In order to ensure that your application meets all state and federal requirements, it’s a good idea to consult with a lawyer or someone familiar with tax-exempt law. Including attachments, a 501(c)(3) application package can easily exceed 50 pages.

Note that even after your organization receives its letter of determination from the IRS with its tax-exempt status, each year you will have to submit Form 990 in order to maintain your 501(c)(3) status. This document provides financial information about your organization to both the IRS and to the public.

8. Obtain Business Licenses & Permits

Once you have your tax-exempt status, you’re almost ready to start raising funds. But first, you’ll need to make sure you’re in compliance with all business licenses and permits applicable to your state and your organization’s activities. For example, you may need a sales permit or a zoning permit. Check with your local department of consumer affairs to find out what kind of licenses and permits you need to operate as a charitable organization in your particular state. Some cities may require a city business permit as well.

Registering As A Nonprofit: FAQs

How long does it take to register a nonprofit?

The IRS estimates it will take 100 hours to fill out Form 1023. The application process typically takes between 3-6 months, though it could take as long as a year, depending on whether the IRS has follow-up questions and how quickly you provide the answers.

How much does registering a nonprofit cost?

To file for 501(c)(3) status, you will pay either $600 to file Form 1023, or $275 to file Form 1023-EZ.

The costs of incorporating and obtaining the necessary permits to operate as a nonprofit vary from state to state; however, they usually do not exceed $100-$200.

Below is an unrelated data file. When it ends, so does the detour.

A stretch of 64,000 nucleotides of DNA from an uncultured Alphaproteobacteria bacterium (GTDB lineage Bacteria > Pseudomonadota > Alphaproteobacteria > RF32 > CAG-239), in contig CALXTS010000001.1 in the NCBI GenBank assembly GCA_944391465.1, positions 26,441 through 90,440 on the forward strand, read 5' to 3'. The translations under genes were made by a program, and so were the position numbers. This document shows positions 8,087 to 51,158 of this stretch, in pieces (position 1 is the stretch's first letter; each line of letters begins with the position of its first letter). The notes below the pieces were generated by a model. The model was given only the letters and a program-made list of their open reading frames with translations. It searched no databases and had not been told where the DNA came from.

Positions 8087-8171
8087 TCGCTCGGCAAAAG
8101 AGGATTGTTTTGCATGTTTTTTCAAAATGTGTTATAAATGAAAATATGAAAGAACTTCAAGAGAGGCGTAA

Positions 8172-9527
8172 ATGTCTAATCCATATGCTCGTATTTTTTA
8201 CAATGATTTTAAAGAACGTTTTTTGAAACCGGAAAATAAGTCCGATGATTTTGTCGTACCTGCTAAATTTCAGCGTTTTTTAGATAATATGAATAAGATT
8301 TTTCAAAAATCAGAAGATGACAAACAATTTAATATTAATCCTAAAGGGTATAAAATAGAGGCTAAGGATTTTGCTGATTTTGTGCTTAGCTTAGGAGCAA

Is the registration process different in each state?

Yes, somewhat. Check with your state to see if you need to complete any extra steps, such as publishing your nonprofit’s articles of incorporation or filing for state-level tax exemption.

Can any organization register as a nonprofit?

No. Your organization must meet the IRS’s definition of a public charity (the most common type of 501(c)(3) organization), private foundation, or private operating foundation. Be sure to read up on the IRS’ exemption requirements for 501(c)(3) organizations before you apply.

Can I register my business as a nonprofit to dodge taxes or get rich?

No. The IRS has strict regulations in place to make sure that businesses cannot use misuse their 501(c)(3) status for personal gain or to avoid paying taxes. All of your organization’s financial information, including salaries and use of income, will be closely and regularly scrutinized to look out for possible fraud and conflicts of interest. For example, if your nonprofit brings in $500K a year, you will not be able to get away with paying yourself a $200K salary.

Should I hire a lawyer to help with the registration process?

Yes, it is a good idea for first-timers to consult with a legal professional at some point to ensure compliance with all state and federal requirements, particularly when filling out the incorporation paperwork and when preparing the 501(c)(3) forms.

Final Thoughts

Whether they benefit schools, the environment, public safety, or another cause, nonprofit organizations do a lot of good in this world. But if a nonprofit is not officially registered, then it can only make a limited impact. When a charitable organization is incorporated as a nonprofit corporation and obtains a 501(c)(3) status from the IRS, the organization does not have to pay income taxes on the money it brings in, and the organization becomes eligible for other funding opportunities, including government grants and charitable crowdfunding platforms. Additionally, donors are more motivated to donate to IRS-registered nonprofits because any contributions they make to these organizations are tax-deductible.

There is some work involved in registering a nonprofit and maintaining nonprofit status, but your charity and your cause will ultimately benefit from your diligence. If you’re not sure your nonprofit qualifies for 501(c)(3) status, the IRS has information you can review on the various types of tax-exempt/nonprofit organizations, including 501(c)(3) and others. If you think maybe a nonprofit structure is not right for your organization after all, I recommend reading our article on the different types of business structures.